After the BP oil spill in the Gulf of Mexico, fishing lures collected dust on bait store shelves, and fishing boats around the region idled. Marine life choked in the oil-polluted water.
In ‘Plastic Gulf’, the decoy becomes the protagonist. Fishing lures forage in a false plastic eden of lush ocean reeds. Without real fish to unmask their imposture, their puppet-like movements simulate life.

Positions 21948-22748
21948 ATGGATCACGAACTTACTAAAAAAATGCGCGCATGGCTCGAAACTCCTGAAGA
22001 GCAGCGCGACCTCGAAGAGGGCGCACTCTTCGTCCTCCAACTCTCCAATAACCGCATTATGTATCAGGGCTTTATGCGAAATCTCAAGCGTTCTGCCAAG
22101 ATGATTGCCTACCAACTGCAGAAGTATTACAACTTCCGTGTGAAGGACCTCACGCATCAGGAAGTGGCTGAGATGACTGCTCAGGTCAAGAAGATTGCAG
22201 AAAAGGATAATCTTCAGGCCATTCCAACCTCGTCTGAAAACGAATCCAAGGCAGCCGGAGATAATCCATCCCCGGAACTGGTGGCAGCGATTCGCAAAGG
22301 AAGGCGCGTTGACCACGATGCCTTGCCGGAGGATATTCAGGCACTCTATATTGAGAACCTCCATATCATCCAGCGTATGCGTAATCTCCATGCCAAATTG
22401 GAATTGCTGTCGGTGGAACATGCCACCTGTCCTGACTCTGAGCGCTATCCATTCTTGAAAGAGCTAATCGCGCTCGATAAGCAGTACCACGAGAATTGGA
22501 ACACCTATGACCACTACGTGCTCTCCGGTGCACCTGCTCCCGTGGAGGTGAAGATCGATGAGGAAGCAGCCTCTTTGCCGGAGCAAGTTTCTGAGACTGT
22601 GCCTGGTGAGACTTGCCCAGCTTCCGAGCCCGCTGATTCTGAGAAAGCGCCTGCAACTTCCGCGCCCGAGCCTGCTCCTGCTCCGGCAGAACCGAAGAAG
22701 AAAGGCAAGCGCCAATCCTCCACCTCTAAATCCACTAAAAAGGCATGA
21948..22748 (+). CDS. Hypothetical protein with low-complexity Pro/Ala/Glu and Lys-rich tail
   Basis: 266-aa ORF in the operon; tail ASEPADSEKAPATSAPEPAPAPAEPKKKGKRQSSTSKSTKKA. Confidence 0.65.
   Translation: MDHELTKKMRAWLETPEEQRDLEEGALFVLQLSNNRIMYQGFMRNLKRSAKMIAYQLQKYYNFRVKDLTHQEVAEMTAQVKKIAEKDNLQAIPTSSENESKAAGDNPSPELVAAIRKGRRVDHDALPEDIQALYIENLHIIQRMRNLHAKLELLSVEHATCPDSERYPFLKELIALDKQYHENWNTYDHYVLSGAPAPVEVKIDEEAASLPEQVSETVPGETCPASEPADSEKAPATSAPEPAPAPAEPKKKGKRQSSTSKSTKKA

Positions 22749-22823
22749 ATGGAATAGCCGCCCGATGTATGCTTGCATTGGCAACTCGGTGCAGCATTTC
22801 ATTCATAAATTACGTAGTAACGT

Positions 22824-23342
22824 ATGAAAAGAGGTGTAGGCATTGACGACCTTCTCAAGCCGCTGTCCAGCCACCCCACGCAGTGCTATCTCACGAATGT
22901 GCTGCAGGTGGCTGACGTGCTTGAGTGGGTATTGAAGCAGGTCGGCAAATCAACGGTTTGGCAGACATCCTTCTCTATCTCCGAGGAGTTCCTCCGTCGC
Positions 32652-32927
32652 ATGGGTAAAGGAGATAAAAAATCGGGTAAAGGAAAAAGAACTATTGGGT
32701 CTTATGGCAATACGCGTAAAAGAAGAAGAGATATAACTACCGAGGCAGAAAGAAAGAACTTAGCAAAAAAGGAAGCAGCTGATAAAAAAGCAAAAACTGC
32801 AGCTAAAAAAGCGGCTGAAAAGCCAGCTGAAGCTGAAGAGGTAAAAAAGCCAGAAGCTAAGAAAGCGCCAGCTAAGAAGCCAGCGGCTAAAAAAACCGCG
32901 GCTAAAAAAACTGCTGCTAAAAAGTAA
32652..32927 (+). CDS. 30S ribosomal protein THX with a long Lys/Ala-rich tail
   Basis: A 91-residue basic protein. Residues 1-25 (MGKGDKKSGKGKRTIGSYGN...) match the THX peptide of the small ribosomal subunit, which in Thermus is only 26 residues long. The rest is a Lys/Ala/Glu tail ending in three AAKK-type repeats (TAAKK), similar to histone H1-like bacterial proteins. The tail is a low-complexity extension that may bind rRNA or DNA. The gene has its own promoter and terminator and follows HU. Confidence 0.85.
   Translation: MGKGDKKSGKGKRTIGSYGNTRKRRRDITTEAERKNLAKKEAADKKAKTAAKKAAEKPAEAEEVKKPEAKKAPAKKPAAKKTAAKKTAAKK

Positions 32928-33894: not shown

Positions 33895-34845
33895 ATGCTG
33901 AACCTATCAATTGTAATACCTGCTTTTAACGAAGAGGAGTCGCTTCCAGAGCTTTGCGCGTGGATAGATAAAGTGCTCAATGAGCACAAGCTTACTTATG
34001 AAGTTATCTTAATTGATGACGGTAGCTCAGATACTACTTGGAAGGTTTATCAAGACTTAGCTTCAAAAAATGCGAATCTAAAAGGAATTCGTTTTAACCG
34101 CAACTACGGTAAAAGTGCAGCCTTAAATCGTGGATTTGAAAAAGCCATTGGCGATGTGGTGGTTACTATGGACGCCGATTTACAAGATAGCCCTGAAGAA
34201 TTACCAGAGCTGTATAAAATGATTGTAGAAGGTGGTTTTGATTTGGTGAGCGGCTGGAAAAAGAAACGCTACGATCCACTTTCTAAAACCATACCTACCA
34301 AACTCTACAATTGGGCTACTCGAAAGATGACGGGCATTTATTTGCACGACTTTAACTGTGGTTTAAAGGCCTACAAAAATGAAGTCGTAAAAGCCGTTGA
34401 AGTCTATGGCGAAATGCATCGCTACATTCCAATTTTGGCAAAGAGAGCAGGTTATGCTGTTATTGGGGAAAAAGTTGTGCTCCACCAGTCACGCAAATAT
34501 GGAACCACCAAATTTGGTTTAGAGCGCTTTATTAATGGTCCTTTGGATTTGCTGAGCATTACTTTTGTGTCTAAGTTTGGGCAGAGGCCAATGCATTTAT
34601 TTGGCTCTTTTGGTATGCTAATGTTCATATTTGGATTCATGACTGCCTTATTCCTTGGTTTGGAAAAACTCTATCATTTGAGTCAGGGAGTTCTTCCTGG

In the Pacific Ocean there is a vast island of plastic garbage. Plastics are made from oil.
Even before the oil spill, the Gulf of Mexico’s dead zones were growing, fed by fertilizer runoff carried by the Mississippi River from industrial farms in the Midwest.
We place a lot of faith in the regenerative powers of the ocean. We want to believe we can restore what we ruin.
In the battle for conservation resources, fish have trouble engaging human sympathies. These plastic fish flirt with the viewer, resist being ignored.